Just recently a café in a Brisbane bayside suburb made headlines after a request by a reporter to the small business owner to put on some lipstick or not be in the picture promoting her business. The business owner vented her displeasure on her business Facebook page, and then social media took it to the next level turning on the reporter and newspaper. This was just after another café posted ‘housekeeping rules’ about their expectations of child patrons on the NSW central coast.

And further up the Hunter Valley a burger restaurant mocked a vegan customer on Facebook and all hell broke loose (socially speaking).

Back in 1995, an episode of the classic TV sitcom Seinfeld addressed the quirks of a small business owner who specialised in soup. The small business owner had precise requirements for ordering and taking the soup.

Jerry: “The guy who runs the place is a little temperamental, especially about the ordering procedure.”

Elaine: “Why? What happens if you don’t order right?”

Jerry: “He yells and you don’t get your soup.”

When not followed correctly, the business owner would yell “No Soup For You!” and threw the customer out. Now imagine how that would have played out in today’s culture of social media shaming.

With most  small business owners running their own social media accounts, this puts you in direct contact with your customers. Your business Facebook page allows you to develop and write messages for your customer base about situations or issues but you need to consider how these will be perceived by your customers, their contacts and even the media.

Social media users and the media outlets that picked up the stories above expressed different levels of outrage and sympathy – but what impact does this type of behaviour by business owners have on their business? The Hunter Valley burger restaurant received death threats when the business owner’s personal mobile phone number was posted on a page set up in response to the initial post.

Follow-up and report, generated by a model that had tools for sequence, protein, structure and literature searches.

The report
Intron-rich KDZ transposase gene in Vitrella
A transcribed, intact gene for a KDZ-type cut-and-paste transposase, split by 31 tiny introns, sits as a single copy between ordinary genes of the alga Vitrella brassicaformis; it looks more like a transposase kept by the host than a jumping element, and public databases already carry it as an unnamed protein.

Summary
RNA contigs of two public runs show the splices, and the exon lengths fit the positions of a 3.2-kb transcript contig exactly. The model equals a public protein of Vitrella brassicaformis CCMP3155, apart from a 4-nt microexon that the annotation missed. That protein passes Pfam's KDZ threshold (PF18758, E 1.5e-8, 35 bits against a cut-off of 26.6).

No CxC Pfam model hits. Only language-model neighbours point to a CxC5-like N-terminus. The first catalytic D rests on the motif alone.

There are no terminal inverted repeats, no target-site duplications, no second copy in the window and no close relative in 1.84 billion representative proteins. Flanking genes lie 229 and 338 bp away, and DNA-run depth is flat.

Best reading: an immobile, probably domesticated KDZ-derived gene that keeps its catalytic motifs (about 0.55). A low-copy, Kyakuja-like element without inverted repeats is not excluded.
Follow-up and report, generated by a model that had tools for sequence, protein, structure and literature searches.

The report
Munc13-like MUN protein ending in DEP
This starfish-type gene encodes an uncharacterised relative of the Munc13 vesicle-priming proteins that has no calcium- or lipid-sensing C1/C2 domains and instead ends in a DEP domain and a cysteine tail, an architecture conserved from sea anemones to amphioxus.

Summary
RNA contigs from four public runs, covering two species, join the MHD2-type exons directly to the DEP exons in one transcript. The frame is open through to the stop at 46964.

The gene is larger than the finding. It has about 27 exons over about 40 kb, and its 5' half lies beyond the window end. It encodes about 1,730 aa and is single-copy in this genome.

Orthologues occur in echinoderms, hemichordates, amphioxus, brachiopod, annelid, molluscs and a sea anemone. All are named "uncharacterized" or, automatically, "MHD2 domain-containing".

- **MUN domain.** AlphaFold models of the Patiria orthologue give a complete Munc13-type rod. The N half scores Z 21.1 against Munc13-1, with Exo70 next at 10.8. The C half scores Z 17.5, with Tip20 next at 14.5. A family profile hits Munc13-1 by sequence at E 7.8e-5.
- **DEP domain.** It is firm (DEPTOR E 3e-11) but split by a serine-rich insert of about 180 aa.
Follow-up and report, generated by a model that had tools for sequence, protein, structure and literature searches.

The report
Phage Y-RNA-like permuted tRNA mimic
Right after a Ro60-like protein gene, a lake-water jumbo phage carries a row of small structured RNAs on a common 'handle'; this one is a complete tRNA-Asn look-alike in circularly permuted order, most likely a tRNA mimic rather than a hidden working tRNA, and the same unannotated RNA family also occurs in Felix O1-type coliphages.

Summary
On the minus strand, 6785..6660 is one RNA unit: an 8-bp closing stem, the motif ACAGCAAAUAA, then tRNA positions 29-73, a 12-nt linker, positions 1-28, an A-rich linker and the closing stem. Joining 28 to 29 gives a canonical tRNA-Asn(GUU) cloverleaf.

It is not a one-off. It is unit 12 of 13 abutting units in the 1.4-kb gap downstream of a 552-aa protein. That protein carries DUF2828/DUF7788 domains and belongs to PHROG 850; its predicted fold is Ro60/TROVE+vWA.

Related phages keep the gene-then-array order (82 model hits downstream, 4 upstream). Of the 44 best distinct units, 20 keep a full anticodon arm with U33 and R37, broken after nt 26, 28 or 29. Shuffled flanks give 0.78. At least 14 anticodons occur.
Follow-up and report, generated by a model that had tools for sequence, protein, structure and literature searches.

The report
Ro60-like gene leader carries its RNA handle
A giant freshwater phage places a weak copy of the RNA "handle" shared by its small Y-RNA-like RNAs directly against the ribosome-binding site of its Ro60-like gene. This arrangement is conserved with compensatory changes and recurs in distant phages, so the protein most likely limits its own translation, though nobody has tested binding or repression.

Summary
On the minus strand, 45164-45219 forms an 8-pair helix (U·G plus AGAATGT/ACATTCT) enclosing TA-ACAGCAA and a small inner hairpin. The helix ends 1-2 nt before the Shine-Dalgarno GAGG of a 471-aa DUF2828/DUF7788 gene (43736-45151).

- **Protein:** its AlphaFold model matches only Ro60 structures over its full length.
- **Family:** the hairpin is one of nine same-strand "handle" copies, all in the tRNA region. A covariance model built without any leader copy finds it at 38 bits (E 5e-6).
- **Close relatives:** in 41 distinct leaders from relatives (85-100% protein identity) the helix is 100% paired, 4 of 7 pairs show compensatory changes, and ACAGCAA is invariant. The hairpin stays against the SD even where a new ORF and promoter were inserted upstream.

When there is a great deal of publicity surrounding a business page like the examples above, social media users anywhere can post an opinion. Which often include negative reactions. How a business owner reacts to these opinions is important.

So what lessons can you take from their experiences?

1. Don’t post on your business page when angry

Very important! Engaging with backlash needs to be thoughtful so don’t provoke the social media beast. Take a deep breath. Have a glass of wine or hit the gym.  Write your rant on a piece of paper then burn it! You are not sharing your problems with a small group of friends, you are essentially shouting into a global microphone. Having a post go viral for the wrong reasons can be a social media disaster, rather than a boon to business.

2. Don’t allow your business Facebook page to be hijacked.

You should calmly reiterate your message to focus on the issue. To emphasise the stance on child patrons, the business owner pointed out to casual readers that her business was based in a commercial/industrial area and not a mall, with business hours reflecting that.

3. Control the information on your page

False information on the Internet can be difficult to dispel (… if it’s on the internet is must be true). You hold the power.

4. Champion your business

The Hunter Valley burger café had an existing larrikin tone to all their posts – they reiterated their stance and took action against the hate page created to harm their business by engaging lawyers to send a cease and desist letter. When they realised things were getting out of hand on their own page, they posted a notice calling for a stop to it.

5. Don’t delete the post, comments or page